A Ten-Point Marketing Checklist for 2004

By Jean Marie Caragher

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With the increased competition for clients, professional services marketers can’t afford to miss a trick.  Here’s a checklist of 10 points you need to stay aware of to assure that your marketing program in complete for 2004.  

  1. Branding.  Professional service firms, particularly law firms, have spent a lot of money to build their brands.  What is your brand?  How does it differentiate your firm from your competition?  Does your brand promote who you truly are or who you would like to be?  If your firm’s professionals cannot “live and breathe” your brand – make it real in the marketplace – take a closer look and make the necessary changes.
  2. Niche marketing.  Niche marketing is one of the most successful strategies for professional service firms.  Focusing on specific industry or service niches enables you to target clients, demonstrate expertise, and maximize your marketing investment.  Analyze your client base to discover your firm’s potential niches.  Then, start with your areas of strength, develop a plan, and implement and track results.
  3. Focus on sales.  Professional service firms, especially accounting firms, are hiring salespeople to generate leads and meet with prospective clients.  This presents several challenges including how marketing and sales co-exist in a firm, how partners may forego their own sales efforts in lieu of the salespeople, and the worry about your firm appearing unprofessional.  Make no mistake: your firm is a business.  Working professionally and tastefully, salespeople can effectively generate new business.
  4. Cross-Selling.  Studies have shown that client loyalty increases along with the number of services a firm provides to them.  Be sure that your clients and your professionals are aware of the full range of services offered by your firm.  Create a spreadsheet with your clients listed down the left column and your firm’s services across the top.  Fill in each box with the fees your clients pay for each service.  The empty boxes are your cross-selling opportunities.
  5. Client satisfaction.  It is less expensive to retain clients than it is to obtain new ones.  The smart firms are conducting ongoing client satisfaction programs, including written, e-mail, or telephone surveys; special events; and, focus groups.  Be sure to follow up internally with the results so that problems can be remedied.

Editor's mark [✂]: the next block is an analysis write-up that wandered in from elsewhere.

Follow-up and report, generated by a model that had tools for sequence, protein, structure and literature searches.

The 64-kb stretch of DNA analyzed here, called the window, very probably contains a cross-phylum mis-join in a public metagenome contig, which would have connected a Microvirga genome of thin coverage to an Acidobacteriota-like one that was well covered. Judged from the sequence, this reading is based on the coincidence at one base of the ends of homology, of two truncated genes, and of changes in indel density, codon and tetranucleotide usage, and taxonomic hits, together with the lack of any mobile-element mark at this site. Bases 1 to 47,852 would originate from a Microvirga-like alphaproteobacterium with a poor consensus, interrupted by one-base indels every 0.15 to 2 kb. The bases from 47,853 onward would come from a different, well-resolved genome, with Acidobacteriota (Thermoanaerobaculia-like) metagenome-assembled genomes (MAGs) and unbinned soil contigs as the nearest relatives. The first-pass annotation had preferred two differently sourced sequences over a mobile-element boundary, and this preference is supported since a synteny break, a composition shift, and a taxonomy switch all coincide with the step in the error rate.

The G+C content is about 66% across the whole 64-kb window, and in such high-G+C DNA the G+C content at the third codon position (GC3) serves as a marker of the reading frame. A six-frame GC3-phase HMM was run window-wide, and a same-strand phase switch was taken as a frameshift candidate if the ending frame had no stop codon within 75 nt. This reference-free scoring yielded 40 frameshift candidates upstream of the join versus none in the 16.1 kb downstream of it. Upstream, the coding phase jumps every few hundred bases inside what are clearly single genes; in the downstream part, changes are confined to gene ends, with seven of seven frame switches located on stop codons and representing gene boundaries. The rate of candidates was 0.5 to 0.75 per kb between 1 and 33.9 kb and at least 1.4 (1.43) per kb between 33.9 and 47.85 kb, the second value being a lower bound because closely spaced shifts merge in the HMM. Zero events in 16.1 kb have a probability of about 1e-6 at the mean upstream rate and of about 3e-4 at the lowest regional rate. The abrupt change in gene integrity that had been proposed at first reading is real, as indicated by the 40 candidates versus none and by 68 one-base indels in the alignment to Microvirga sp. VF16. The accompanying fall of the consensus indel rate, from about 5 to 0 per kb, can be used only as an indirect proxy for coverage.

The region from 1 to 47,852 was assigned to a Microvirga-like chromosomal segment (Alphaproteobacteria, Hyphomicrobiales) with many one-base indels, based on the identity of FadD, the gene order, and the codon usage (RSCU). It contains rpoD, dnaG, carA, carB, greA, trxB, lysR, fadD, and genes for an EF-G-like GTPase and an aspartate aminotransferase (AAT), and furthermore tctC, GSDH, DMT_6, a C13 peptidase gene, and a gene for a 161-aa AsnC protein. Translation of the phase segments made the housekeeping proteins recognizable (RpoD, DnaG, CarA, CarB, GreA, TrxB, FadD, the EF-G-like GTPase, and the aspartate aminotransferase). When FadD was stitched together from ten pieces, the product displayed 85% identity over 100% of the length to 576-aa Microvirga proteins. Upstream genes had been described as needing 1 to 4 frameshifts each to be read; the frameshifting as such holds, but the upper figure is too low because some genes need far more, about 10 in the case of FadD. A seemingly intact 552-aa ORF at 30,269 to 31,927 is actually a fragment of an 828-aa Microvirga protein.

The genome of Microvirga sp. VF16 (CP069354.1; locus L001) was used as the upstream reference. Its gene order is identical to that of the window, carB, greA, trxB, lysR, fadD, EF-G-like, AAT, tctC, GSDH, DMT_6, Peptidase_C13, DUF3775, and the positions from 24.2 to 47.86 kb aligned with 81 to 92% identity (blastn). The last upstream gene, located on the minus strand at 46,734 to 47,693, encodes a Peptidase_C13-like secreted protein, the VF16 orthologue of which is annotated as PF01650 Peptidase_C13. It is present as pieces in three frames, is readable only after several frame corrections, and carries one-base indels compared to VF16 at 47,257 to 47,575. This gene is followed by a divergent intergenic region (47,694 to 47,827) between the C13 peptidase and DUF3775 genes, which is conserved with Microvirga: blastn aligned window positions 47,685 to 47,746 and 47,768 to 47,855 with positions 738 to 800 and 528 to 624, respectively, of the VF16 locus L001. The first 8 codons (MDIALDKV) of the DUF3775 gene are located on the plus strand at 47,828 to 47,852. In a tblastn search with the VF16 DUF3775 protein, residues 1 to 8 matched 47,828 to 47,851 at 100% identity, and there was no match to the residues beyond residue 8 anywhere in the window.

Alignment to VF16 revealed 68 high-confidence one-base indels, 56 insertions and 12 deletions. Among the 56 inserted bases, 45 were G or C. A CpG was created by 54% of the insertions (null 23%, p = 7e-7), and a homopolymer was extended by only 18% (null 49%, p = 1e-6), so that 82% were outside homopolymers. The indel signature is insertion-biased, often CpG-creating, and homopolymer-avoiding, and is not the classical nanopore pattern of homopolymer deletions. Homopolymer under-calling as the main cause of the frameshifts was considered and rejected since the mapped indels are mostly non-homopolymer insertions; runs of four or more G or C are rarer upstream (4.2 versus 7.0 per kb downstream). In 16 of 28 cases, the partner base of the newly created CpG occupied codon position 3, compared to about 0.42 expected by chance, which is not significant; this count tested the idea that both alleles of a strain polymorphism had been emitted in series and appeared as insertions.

6. Technology.  Technology enables us to create a lot of cool stuff including e-mail campaigns, eBooks, CD brochures, and Webinars.  Be sure to determine whether your clients and contacts are “high tech” or “low tech.”  They may want old fashioned, printed newsletters and seminars instead.
  7. Mergers.  Market consolidation will continue.  As a marketer you can assist your partners in evaluating potential merger candidates as well as play a key role in the integration of the new firm.  This means more than creating new brochures.  Integration includes establishing your new brand, developing your firm’s culture, and promoting the skills of your partners and associates.  
  8. Training.  The lack of marketing and sales training programs is a major weakness in most professional service firms.  Developing skills in questioning, listening, networking, non-verbal communication, closing the sale are important both in retaining and attracting clients.  Give your partners more than the “once a year” marketing and sales training program.  Provide regular, 60-minute or 90-minute programs, including a homework assignment.
  9. Return on Investment.  More than ever partners are looking for a return on their marketing investment.  This requires you to track the results of each marketing project.  How many follow up meetings resulted from your last seminar?  How many leads resulted from your last direct mail campaign?  Communicate these statistics to your partners.  
  10. Value of marketing professionals.  Fortunately, many professional service firms have come to realize that they cannot grow without the support of full-time marketing professionals.  Marketers have achieved the status of principal or chief marketing officer.  How you are perceived within your firm and the level of authority you earn is up to you.